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Catastrophic Floods Kill Over a Thousand in Pakistan
Usually, the monsoon arrives in July. But this year, large parts of Pakistan began seeing heavy downpours as early as mid-June. Since then, the rainfall has been relentless.
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Even though I have been away, the climate crisis hasn’t. In fact, it has reared its head in most parts of the world. Drought in Europe, heat waves and drought in China, floods and wildfires in the USA, floods in New Zealand, Pakistan and Afghanistan.
Repeat after me: Climate change is not a problem of the future. It is here. It is all around us.
Floods in Pakistan
Severe floods have devastated many parts of Pakistan in the last two months. They have been described as the worst in a decade. 937 people have died, and 30 million people (that’s almost 15% of Pakistan’s population) are living without shelter.
Usually, the monsoon hits Pakistan in July. But this year, large parts of the country began seeing heavy downpours as early as mid-June. Since then, the rain has been relentless.
The damage caused has been extreme. The government has declared a state of emergency, and the minister for climate change Sherry Rehman, has described the situation as “a catastrophe of epic scale.”
Almost a thousand people have been confirmed dead. The death toll will likely increase as rescue operations reach remote areas impacted by the flood.
The floods have also caused widespread damage to infrastructure, crops, and livestock. Over 3,000 kilometres of roads have been damaged and 145 bridges destroyed. 6.7 million houses have either been destroyed or damaged. Almost 8 million livestock have perished. While the extent of damage to crops is yet to be ascertained, there is no doubt that it is severe.
Since June, Pakistan has received almost twice the rain it usually receives in this period. While the floods have impacted all states, the southern states of Balochistan and Sindh are the worst hit.
It is well documented by now, perhaps doesn’t need repeating and should probably start adorning some t-shirts and tattoos: Human-induced climate change has made extreme weather events more frequent.
That is precisely what is happening in Pakistan. Climate change has made the monsoon more erratic and more intense. It has also started reaching areas that it historically did not reach.
Ghulam Rasul, a meteorologist at the World Meteorological Organization, told Arab News that this monsoon has been unusual from the start as it arrived several days before the normal onset date.
“It attained its peak in July, which normally occurs in August, and heavily penetrated monsoon shadow zones, including Balochistan and the high mountains of Khyber Pakhtunkhwa and Gilgit-Baltistan, where it usually does not reach,” he said.
Rasul added, “Due to global warming, the frequency of such intense monsoons will increase.”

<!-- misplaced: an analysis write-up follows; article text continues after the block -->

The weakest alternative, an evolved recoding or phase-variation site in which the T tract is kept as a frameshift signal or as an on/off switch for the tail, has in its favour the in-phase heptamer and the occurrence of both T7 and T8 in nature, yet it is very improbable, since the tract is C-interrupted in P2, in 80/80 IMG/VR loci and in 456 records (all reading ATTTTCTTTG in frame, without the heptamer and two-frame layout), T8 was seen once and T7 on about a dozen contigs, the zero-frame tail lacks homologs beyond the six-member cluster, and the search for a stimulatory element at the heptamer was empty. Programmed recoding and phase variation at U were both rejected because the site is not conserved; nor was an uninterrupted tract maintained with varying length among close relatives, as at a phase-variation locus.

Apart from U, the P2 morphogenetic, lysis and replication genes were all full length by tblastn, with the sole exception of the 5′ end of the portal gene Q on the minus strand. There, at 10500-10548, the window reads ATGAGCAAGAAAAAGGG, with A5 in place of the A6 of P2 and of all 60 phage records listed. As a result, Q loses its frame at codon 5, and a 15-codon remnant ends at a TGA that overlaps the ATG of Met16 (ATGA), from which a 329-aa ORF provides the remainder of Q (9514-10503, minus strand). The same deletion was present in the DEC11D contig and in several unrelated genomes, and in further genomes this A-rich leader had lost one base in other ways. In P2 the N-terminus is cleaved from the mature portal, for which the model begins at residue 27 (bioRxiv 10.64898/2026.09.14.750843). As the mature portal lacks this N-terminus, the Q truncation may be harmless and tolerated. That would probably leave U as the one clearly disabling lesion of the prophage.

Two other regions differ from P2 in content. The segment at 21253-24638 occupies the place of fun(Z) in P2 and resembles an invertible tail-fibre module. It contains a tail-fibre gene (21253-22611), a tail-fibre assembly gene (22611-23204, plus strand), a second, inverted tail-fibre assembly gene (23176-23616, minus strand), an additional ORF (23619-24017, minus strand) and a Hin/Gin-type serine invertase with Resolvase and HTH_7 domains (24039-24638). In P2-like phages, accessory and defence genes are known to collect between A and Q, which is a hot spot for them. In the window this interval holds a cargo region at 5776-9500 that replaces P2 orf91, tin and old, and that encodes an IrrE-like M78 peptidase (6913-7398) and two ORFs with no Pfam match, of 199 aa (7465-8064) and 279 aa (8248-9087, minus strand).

Pakistan is one of the countries most vulnerable to climate change. Its lack of governance capacity, limited disaster response capabilities and a slacking economy only worsen the problem.
There is no respite in sight for the next few days. The Pakistan Meteorological Department has forecast more heavy rain in large parts of the country. It has also warned citizens about the prospect of flash floods and landslides.
If you are so inclined, here is a list of relief organisations and NGOs you can donate to help those impacted by the floods.
Afghanistan flash floods
Pakistan’s western neighbour has been suffering one disaster after another even as conflict continues, the economy collapses and millions edge towards starvation.
In June, Afghanistan was hit by an earthquake measuring 6 on the Richter scale. It killed over a thousand people and destroyed thousands of homes.
Now, the war-torn country has flash floods to contend with. Parts of eastern, southern and central Afghanistan have seen torrential rain in the last few weeks leading to the floods.
The Taliban has said that over 180 people have died due to the floods, and over 3,000 houses have been damaged. It has appealed to the international community for financial assistance. The Taliban has cited a lack of funds as one of the reasons for its inability to provide adequate assistance.
The global food security crisis
It is only getting worse. Food price inflation continues to keep a nutritious meal unaffordable for millions of people around the world. A World Bank analysis shows that almost all developing countries are seeing inflation rates above 5 percent, with several countries in the double digits.
While the global Food Price Index has declined from its highs around April after Russia’s invasion of Ukraine, it remains much higher than pre-pandemic levels and higher than last year.
The number of acutely food insecure people worldwide has tripled in three years since 2019 – from 135 million to 345 million.
Even as some grain is shipped out of Ukraine after a prolonged blockade by Russia, there are growing concerns over the next year's harvest in large parts of the world.
Here is where you meet the climate crisis once again. Weather impacts around the world – ranging from droughts to heatwaves to floods – are threatening the next harvest.
To add to woes, the increase in the price of fertilisers has meant that farmers have had to use them more sparingly. This could also potentially impact yields next season worsening the food security situation.